Albertsons Companies managed to pull off its initial public offering on Friday, June 26, but investors did not give the $62.4 billion company the welcome it had hoped for.
Shares priced at $16 closed down 3.4% to end the first day of trading at $15.45, which is a notable drop consider the company’s lengthy IPO process and the support of some of the biggest names in investment banking bringing it to market. The company had reduced the size of the offering to 50 million shares from 65.8 million shares and also reduced the offer price from a range of $18 to $20 provided on June 18.
Albertsons CEO Vivek Sankaran also made several media stops on Friday, including an appearance on financial network CNBC where he described the volatile market conditions that served as a backdrop for the IPO.
“It is so hard to predict what is happening in the market anymore. It is so different from the beginning of the week to the end the week,” Sankaran said during an interview with host Carl Quintanilla. “We’re just proud that in this extremely difficult environment, in the middle of a pandemic, we were able to IPO the company. It was a great accomplishment for us and we are looking at the long term.”
The offering came on a day when shares of Kroger declined slightly to $32.68 and Walmart was down $1.28 to $118.32. Meanwhile, Sprouts Farmers Market and Weiss Markets were both up slightly on the day, but have been big winners since the start of the year, up 27.4% and 20.8%, respectively. However, the big winner in food retailing this year is SpartanNash. Its shares closed Friday up nearly 3.7% to $21.46 and are up 49.5% on the year.
As for Albertsons' IPO experience, the reception it received was dramatically different from that of Grocery Outlet Holdings Corp., which went public roughly one year ago. It initially priced its offering of 17.2 million shares at a range of $15 to $17, but it increased the price to $22 on June 19, 2019. The company has been a winner for investors and closed Friday at $39.40.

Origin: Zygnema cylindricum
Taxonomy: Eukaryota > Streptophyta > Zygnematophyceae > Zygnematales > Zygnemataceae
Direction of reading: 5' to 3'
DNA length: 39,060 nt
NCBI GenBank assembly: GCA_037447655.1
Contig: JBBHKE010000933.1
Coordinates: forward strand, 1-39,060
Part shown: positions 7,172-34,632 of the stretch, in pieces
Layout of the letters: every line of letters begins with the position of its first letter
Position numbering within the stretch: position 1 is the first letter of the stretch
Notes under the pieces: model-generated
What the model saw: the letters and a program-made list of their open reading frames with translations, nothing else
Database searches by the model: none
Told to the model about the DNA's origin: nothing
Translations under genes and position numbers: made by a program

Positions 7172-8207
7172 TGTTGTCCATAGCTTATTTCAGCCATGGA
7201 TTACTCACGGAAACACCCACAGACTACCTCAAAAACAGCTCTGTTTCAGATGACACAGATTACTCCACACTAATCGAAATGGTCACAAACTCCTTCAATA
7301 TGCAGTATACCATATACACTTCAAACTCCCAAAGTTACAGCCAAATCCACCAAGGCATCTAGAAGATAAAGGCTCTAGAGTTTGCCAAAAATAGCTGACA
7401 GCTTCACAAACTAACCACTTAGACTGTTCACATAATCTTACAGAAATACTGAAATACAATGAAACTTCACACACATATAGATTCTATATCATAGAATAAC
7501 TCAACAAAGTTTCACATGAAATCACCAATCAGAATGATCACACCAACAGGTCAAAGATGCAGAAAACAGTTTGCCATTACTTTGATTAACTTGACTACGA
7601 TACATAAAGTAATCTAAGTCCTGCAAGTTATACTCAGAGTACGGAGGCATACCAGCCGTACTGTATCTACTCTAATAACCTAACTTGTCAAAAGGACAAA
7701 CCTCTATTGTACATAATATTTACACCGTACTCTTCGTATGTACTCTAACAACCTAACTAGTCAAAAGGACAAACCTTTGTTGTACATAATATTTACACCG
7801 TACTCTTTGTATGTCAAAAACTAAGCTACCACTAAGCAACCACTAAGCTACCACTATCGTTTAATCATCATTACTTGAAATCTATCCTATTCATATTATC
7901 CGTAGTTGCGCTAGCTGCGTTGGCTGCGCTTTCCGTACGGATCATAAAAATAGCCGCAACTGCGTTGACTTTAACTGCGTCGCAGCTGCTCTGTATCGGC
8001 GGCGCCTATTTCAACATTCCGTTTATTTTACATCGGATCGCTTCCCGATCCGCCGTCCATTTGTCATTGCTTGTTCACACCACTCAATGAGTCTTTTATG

The Albertsons IPO ends a five year long odyssey that began the year after Albertsons and Safeway announced their merger in 2014. The combined company tried to go public in 2015, looking to raise as much as $1.6 billion, but then pulled the offering amid undesirable market conditions. In 2018, Albertsons attempted to go public by acquiring Rite Aid Corp. in a $24 billion merger, but the companies eventually abandoned the transaction.
Last month, prior to pricing of the offering being revealed, Apollo Global Management Inc. and a group of other investors announced they had acquired $1.75 billion of convertible preferred shares in Albertsons Cos., representing a 17.5% stake in the company.
Albertsons received none of the proceeds from the IPO as the selling shareholders were all various private equity firms who will continue to hold roughly three fourths of the company’s outstanding shares.
Albertsons operates 2,252 retail stores with 1,726 pharmacies, 402 associated fuel centers, 23 dedicated distribution centers and 20 manufacturing facilities. The company’s stores predominantly operate under the banners Albertsons, Safeway, Vons, Pavilions, Randalls, Tom Thumb, Carrs, Jewel-Osco, Acme, Shaw’s, Star Market, United Supermarkets, Market Street and Haggen.